A large stationary power saw primarily used by most shops to cut good aluminum sheet into smaller pieces that more easily fit into the trash can after you cut on the inside of the line instead of the outside edge.

A tool for testing the maximum tensile strength of everything you forgot to disconnect.

Normally used to stab the vacuum seals under lids or for opening old-style paper-and-tin oil cans and splashing oil on your shirt; but can also be used, as the name implies, to strip out Phillips screw heads.

A tool for opening paint cans. Sometimes used to convert common slotted screws into non-removable screws and butchering your palms.

A tool used to crumple the metal surrounding that clip or bracket you needed to remove in order to replace a 50 cent part.

A tool used to make hoses too short.

Originally employed as a weapon of war, the hammer nowadays is used as a kind of divining rod to locate the most expensive parts adjacent the object we are trying to hit.

Used to open and slice through the contents of cardboard cartons delivered to your front door; works particularly well on contents such as seats, vinyl records, liquids in plastic bottles, collector magazines, refund checks, and rubber or plastic parts. Especially useful for slicing work clothes, but only while in use.

Son of a bitch TOOL:
Any handy tool that you grab and throw across the garage while yelling 'Son of a bitch' at the top of your lungs.  It is also, most often, the next tool that you will need.



What the heck is THIS?

Can you figure out what this is? It is an "artsy" picture taken by the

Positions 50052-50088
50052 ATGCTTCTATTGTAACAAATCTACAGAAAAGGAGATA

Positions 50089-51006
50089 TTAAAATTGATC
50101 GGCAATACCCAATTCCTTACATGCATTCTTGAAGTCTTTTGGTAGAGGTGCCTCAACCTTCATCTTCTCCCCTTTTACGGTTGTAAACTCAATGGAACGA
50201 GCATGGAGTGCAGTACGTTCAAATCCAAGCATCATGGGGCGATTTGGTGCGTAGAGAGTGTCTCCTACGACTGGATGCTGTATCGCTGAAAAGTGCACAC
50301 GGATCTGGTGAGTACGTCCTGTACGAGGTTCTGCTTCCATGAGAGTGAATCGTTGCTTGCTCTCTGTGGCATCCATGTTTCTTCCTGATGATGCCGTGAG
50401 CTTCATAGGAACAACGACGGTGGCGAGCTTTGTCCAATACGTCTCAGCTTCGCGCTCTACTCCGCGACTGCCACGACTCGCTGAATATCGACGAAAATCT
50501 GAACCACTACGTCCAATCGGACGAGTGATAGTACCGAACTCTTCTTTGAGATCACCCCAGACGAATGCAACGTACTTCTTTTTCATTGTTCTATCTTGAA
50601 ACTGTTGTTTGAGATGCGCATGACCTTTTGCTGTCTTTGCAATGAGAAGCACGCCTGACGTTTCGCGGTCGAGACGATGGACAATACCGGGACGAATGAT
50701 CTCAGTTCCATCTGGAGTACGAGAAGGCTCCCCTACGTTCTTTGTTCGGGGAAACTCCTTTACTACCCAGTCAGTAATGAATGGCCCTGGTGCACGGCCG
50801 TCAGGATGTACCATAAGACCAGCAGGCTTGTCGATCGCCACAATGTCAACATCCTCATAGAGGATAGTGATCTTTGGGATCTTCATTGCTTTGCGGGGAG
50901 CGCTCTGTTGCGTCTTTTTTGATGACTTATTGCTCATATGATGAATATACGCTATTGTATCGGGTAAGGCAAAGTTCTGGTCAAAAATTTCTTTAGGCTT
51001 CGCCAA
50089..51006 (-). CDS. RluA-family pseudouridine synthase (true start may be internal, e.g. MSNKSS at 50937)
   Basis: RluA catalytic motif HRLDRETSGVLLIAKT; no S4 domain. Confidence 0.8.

Annexmaster's wife, or Mrs. Annexmaster, if you will.

Explanation appears in a red box further down this page.

I am always amused at my own lack of mechanical know-how. Join me by suggesting examples to illustrate my novice mechanic status. (send to - postings will be anonymous)

You can tell he is the Annexmaster because:

  • He couldn't find the button to lower the top on his Phaeton.
  • He rotated his wheel covers so that they would wear evenly.
  • He took off his air cleaner because the air in Florida seemed clean enough already.



The above picture is the left headlight from the side
of the car -- much of the picture is the reflection of the
left spare, and windshield, along with some scenery.
The two bolt heads are the hood panel front.



Frank and Sharon Molby's Christmas 2008 pic with car # 1505. Ho ho ho!

Car 575, added to the site as a FOR SALE car in 12/06 sports this front tag that says it all.

Not Glassic material, but worth a look anyhow.

In case any of you have forgotten, even for a minute, how OLD we are, here is a bit of nostalgia to remind you.

Here is a link to a walk down memory lane. No Glassics in this clip, but lots of neat old cars.

Put your cursor on the picture, right click and select "save picture as" to copy the graphic to your computer.


Merry Christmas Don and all Glassic folks!!

Hope you enjoy this little card.

Dennis May  Car # 433   December, 2007

Car 433 on a mission! Dennis May's 2006 work of art.

Thanks to Dennis May, car # 433 for this artistic greeting!